8. Art/Music:  I’ve had thoughts of including art and music.  I’m not sure what that will look like yet.  My son and I like the “READ” sign at the local library, I suggested we put “EAT” in our yard.  He suggested it be “EAT WELL”.  I like his idea better. 🙂
  9. Compost space: I will need to have a place to store compost.  I believe this may need to be on the other side of the fence, because if I recall correctly, compost cannot be in the front yard in our community according to city code.
  10. Permaculture: And finally, all of this needs to happen within the context of Permaculture, because my Urban Farming Certification is designed within the Permaculture framework.

So that’s where things stand today.  I’ve given a lot of thought over the past few months as to how best to go about this. I’m trying to accomplish this without spending a ton of money, because I want people to see that gardening doesn’t have to take a ton of time, labor or resources.  I’m also trying to figure out how to “work smarter, not harder”.  In other words, are there ways of doing this project that will be less detrimental to people, the environment and the soil and yet, still achieve the ultimate goal, which is an abundant urban farm?

I have some ideas, and the final plan will be posted soon.  Until then, I’ll give you all of those things to chew on, because even though “easy” can be nice sometimes, challenges encourage us to get creative!

All my best,

Kate

 

November 12, 2012

I’m Dreaming… of an Urban Farm

Have you ever had something make you take notice but then once you realized what you are looking at, you disregarded it, only to find later that the information actually applied to you?

Take for example my wedding dress.  When I first got engaged, years ago, I would flip through wedding magazines trying on dresses in my mind, picturing how they would look on me.  I remember running across one dress, thinking to myself, “Wow!  That’s really pretty… on the right person…” and then continued flipping pages.  Later, after I purchased my dress, I found myself flipping through the same magazine, again stopping on the same page.  I looked at the picture and thought,  “Wow.  That’s a pretty dress.” and then started laughing.  That was a pretty dress.  That was my dress.  The dress I bought.  Funny, I didn’t even remember the dress when I went out shopping because I had disregarded it so quickly as something that I “couldn’t wear”. Yet here I was, flipping through the bridal magazine, stopping on the same page and realizing that was the dress I ended up buying.  Apparently I shouldn’t have disregarded it so quickly!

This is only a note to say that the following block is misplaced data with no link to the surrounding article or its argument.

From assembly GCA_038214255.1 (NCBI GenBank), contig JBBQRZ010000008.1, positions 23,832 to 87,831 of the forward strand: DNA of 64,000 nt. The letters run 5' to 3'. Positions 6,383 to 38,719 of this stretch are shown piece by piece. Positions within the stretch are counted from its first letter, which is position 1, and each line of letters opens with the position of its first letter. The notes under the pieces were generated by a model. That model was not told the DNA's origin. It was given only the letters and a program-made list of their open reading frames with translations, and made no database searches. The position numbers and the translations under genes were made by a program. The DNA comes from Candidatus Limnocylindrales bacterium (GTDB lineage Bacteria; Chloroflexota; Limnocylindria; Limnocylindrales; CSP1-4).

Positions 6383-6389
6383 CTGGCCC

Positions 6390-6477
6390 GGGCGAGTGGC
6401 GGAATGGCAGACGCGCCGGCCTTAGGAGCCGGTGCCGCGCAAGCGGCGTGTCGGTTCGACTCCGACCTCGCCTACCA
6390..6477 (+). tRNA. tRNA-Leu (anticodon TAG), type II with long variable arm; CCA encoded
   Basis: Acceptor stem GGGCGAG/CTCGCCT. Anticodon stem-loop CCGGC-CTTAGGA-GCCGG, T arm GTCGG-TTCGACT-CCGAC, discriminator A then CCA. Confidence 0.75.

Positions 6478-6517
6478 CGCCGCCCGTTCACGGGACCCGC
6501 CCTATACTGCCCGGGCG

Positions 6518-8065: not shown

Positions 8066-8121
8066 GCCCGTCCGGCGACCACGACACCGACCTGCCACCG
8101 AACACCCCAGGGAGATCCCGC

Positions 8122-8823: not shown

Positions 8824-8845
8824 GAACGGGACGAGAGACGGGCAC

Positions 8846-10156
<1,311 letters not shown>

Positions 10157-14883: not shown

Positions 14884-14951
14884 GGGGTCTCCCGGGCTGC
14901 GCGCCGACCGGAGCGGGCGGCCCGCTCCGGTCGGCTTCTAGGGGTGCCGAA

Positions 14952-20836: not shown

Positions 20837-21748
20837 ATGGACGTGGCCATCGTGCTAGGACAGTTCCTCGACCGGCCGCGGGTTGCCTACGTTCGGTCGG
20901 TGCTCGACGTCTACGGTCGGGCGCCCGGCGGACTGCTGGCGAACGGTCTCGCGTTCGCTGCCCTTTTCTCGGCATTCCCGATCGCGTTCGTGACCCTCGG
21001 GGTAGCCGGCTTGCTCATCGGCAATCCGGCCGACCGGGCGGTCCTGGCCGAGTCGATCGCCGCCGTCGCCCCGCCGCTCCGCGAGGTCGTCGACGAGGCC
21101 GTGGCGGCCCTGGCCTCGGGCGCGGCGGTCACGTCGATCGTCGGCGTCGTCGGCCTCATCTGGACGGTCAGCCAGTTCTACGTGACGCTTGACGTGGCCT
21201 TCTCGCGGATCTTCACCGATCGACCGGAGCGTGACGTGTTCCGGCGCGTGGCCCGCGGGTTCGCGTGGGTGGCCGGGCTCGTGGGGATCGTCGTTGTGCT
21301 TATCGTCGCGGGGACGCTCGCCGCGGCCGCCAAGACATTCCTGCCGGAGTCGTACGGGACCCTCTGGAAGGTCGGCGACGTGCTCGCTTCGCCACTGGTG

Well, a similar thing has happened again.  A number of months ago while hanging out in Egg|Plant I found myself perusing their magazines.  I grabbed a copy of Urban Farm magazine.  I kind of scoffed at the concept of an Urban Farm.  I was thinking about how people keep coming up with these names, titles, buckets for everything.  New names for the same stuff.  “Urban Farm is just a new name for gardening”, I thought to myself, but I bought the magazine anyway “because it had some cool articles”.  A couple of months later I found myself back at Egg|Plant buying yet another copy of the magazine, still not thinking of myself as an “Urban Farmer”.  Well, sometimes life has a funny way of working out.  This morning, as I awoke to a white dusting of snow in the yard and heard reports of icy roads, I stood under the warm water of the shower trying to calm my nerves for my interview at the Permaculture Research Institute (PRI) to get into the Urban Farming Certification program.  If someone had told me a year ago that I’d be doing this, I would have laughed.  Yet today, as I made my way over to the interview, on icy roads, I could hardly contain my excitement.

The interview went great and yes, I was accepted into the program.  (Woo hoo!)  I think it will be a perfect fit for me and for what I want to do going forward.  Plus, the people I met with were great!  The next step is registration.  Then the holidays and then I’ll be off and running.  I’m so excited to get started!  Actually, the only way I could be any more excited is if it started tomorrow!  But alas, I must wait until January, January 5th to be exact.  So, while some of you may be dreaming of a white Christmas and Jack Frost nipping at your nose, I’ll be dreaming of the new year and my future Urban Farm.

Kate